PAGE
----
Who says these cars are unreliable? This is the 5th long-haul trip in an old Alfa with over 23,000 miles and no significant failure that stopped the parade - some vibs, a cranky solenoid, broken hinge pin and occasional crabby shift into reverse on all those trips combined.
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post #70 of 97 (permalink) Old 05-11-2019, 12:16 PM Thread Starter
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I did rediscover one design flaw in the Giulia that is not apparent in driving in the US: it has the turning circle of a VLCC (large freighter). Don't try u-turns on even medium sized roads. They become tedious 3-point turns and without power steering. We rediscovered this maneuvering in the typically tight Euro parking places and some very small roads. In many ways my Suburban feels more nimble.
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post #71 of 97 (permalink) Old 05-11-2019, 12:21 PM
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A Leffe seems like a perfect cap to a great trip. I've done an Abbey cruise in Belgium. There are something like 8 beer producing Abbeys-I'm a few shy of having completed the full census
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post #72 of 97 (permalink) Old 05-11-2019, 01:32 PM
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Glad you are enjoying it. Yes, Texas/Austin resident, car stored with a good friend in Belgium, and reg'd in NL. Used it in the 2017 trip. See other trip blogs linked in signature block. Cheers,. B

PS: for the most part European drivers are very good and well trained, and there is both a known and hidden set of conventionis and rules here that Americans slowly - or maybe don't - grasp. Normal friendly people can become absolute schizophrenic maniacs behind the wheel, their socialistic suppressed over-regulated controlled alter-ego Mad Max emerges in a car. And everyone is an F1 or rally driver in a car or on a moto or scooter in Italy. Once in Bordeaux I was struggling to make the destination even with GPS having made several rounds on one-way and blocked streets. So on the 3rd round, I slowed down to really study it. The French guy behind me went mad honking his horn. I stopped the car, turned it off, got out and went back to have a discussion about civility. In the southern US you do not behave like that, and my "red- neck" came out. In some areas you could be legally shot*. He immediately realized he had made a grave mistake as he was easily a foot shorter and 40 kg less. From an American POV he was lucky he did not get dragged through the window and stomped to beef jerkey. From a Euro POV I gather that leaning on your horn for some like a petulant 2 year-old is just fine. Viva la difference.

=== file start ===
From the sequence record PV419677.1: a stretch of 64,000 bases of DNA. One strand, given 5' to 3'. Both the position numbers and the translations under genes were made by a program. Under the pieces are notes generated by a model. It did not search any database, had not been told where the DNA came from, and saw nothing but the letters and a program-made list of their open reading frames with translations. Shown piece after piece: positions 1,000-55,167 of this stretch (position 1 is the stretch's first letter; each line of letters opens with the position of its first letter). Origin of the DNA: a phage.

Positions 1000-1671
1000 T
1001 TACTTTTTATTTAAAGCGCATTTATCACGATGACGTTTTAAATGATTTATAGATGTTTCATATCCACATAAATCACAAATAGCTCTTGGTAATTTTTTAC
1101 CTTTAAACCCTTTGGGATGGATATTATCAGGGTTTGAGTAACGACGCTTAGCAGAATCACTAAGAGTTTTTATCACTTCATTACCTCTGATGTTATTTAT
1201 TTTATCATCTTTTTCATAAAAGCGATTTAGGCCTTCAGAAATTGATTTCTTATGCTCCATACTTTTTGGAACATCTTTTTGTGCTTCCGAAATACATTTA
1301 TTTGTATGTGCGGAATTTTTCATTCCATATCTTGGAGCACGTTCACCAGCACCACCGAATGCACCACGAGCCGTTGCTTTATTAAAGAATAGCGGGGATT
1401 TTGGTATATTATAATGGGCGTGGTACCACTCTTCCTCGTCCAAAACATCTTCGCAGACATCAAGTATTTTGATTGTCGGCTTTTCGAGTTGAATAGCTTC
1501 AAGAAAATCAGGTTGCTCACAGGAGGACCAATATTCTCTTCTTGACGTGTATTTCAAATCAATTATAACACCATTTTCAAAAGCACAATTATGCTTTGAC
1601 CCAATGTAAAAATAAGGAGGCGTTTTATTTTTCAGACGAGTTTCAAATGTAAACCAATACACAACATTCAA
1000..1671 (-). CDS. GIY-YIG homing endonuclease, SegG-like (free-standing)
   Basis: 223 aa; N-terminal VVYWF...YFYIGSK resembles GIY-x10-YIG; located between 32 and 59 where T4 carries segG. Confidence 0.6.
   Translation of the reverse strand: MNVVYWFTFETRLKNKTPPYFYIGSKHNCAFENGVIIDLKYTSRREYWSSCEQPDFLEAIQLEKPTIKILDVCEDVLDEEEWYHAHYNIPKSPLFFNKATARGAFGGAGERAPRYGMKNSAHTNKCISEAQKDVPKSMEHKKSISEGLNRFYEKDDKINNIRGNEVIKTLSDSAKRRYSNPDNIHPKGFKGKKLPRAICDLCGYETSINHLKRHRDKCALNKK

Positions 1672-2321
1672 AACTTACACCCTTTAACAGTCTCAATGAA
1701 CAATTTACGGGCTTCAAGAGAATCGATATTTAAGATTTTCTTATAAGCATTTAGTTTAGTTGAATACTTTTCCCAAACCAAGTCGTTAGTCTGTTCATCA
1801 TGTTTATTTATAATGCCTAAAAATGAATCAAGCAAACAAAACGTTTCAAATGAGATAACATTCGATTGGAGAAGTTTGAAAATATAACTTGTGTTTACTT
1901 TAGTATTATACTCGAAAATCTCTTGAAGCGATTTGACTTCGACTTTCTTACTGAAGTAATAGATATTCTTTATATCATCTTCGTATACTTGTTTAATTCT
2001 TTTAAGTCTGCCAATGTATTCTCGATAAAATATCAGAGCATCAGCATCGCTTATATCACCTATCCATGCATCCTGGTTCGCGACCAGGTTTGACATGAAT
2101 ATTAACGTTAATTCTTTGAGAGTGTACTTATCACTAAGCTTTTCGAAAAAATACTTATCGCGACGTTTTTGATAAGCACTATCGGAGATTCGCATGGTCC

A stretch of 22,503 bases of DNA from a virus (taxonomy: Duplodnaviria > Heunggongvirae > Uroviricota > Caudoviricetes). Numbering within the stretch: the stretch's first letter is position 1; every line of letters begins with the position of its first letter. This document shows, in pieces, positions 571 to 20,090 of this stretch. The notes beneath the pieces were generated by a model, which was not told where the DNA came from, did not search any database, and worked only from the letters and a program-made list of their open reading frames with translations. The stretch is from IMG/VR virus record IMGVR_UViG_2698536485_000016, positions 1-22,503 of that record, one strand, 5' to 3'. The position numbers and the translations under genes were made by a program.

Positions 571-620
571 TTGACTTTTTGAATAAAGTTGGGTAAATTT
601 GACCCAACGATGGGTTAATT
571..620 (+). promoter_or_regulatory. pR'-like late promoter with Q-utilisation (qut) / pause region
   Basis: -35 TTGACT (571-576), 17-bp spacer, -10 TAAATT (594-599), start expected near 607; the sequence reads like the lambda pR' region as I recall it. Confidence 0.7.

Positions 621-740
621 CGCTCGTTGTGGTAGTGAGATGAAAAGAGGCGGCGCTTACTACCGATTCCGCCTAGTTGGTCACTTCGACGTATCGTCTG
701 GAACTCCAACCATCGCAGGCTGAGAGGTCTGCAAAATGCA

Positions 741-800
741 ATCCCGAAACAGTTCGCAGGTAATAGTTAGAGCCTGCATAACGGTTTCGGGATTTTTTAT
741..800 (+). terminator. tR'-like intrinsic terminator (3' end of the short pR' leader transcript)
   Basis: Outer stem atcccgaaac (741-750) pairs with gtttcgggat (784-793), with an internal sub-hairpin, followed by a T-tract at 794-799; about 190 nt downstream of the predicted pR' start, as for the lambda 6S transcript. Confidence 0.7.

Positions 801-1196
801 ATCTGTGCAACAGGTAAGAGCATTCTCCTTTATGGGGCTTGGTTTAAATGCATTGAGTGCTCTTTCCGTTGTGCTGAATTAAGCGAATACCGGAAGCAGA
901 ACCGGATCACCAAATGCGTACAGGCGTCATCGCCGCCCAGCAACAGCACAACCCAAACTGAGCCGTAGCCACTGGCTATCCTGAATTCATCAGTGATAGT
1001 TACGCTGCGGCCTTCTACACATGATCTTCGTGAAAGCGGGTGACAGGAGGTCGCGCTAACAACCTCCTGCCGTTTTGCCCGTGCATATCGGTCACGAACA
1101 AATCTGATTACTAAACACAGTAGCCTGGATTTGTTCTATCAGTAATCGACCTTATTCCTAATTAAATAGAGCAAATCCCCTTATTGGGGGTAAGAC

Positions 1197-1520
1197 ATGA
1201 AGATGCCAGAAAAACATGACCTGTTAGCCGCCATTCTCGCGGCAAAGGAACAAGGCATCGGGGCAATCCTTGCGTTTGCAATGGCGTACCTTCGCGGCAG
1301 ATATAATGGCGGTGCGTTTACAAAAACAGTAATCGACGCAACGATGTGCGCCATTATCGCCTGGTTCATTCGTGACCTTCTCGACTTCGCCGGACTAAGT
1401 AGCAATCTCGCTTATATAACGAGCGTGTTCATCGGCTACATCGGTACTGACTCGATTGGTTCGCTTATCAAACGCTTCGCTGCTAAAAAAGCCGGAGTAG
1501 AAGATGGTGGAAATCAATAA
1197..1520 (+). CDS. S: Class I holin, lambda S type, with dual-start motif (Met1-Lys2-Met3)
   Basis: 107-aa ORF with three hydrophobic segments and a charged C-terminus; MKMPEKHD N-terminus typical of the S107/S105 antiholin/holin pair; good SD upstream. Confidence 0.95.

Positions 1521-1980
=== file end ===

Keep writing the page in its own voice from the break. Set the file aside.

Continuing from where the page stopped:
* only slightly SARC
Well thank God for the internet ... But just in case you were considering a trip further down south of the Mediterranean, consider leaving the car behind... Peep peep

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post #73 of 97 (permalink) Old 05-12-2019, 04:36 AM
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Nice documentation and photo log and your candid comments of what goes right and wrong added to the picture... I'm exhausted...Traffic over there is underestimated. It can be very frustrating and ruin a schedule/plan. Ireland and Scotland and Poland are less densely populated and still make for fun driving with little regard for freeways.
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post #74 of 97 (permalink) Old 05-12-2019, 10:22 AM Thread Starter
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Parting shots: Kerkoven BE. At Eindoven airport ready for early AM flight.
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post #75 of 97 (permalink) Old 05-12-2019, 10:56 AM Thread Starter
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A nice end-of-trip visit and debrief with the pit crew over lunch, toddies, waffles and walks around town. We concluded we tried too many long driving days to get to our objective of Portugal, 1000km days that would be trying even in a nice big modern car and no snags. Logistics and time dictated that we do some long hauls to maximize the sweet spot after some parties weighed in late on their availability and were added into the schedule after the air window was set. So - more time or less stuff.

IMO in an older car with unknowns of traffic, accidents and weather, one should plan on +/- 550km/Dy on boring highways or 250 km/dy with smaller more scenic roads and more stops (we learned that in 2017). Another consideration, at about 11.5 km/L (26 mpg) and Euro 1.65 per L, just getting to and from Portugal was over 4800 km or Euro 700, $800. plus some Euro 300 in tolls plus 8-10 nights in a hotel at 500-600 km/day. That all really adds up and makes the case for RyanAir and a rental car for such a long haul trip. As Roland & I discussed, southern Tuscany is about half that far and more doable BUT taking small roads RT at 250 km is still 8-10 days. Either way it's gonna cost. One way spares your time and nerves but depends on your objective: a scenic loop (or combo scenic and boring) or fly in, rent, and do local trips.

Roland's two most recent acquisitions: a pristine virtually new 1987 3.0L "75" and a plush pristine 1978 big cat. Went to the airport in real comfort and style in the big cat.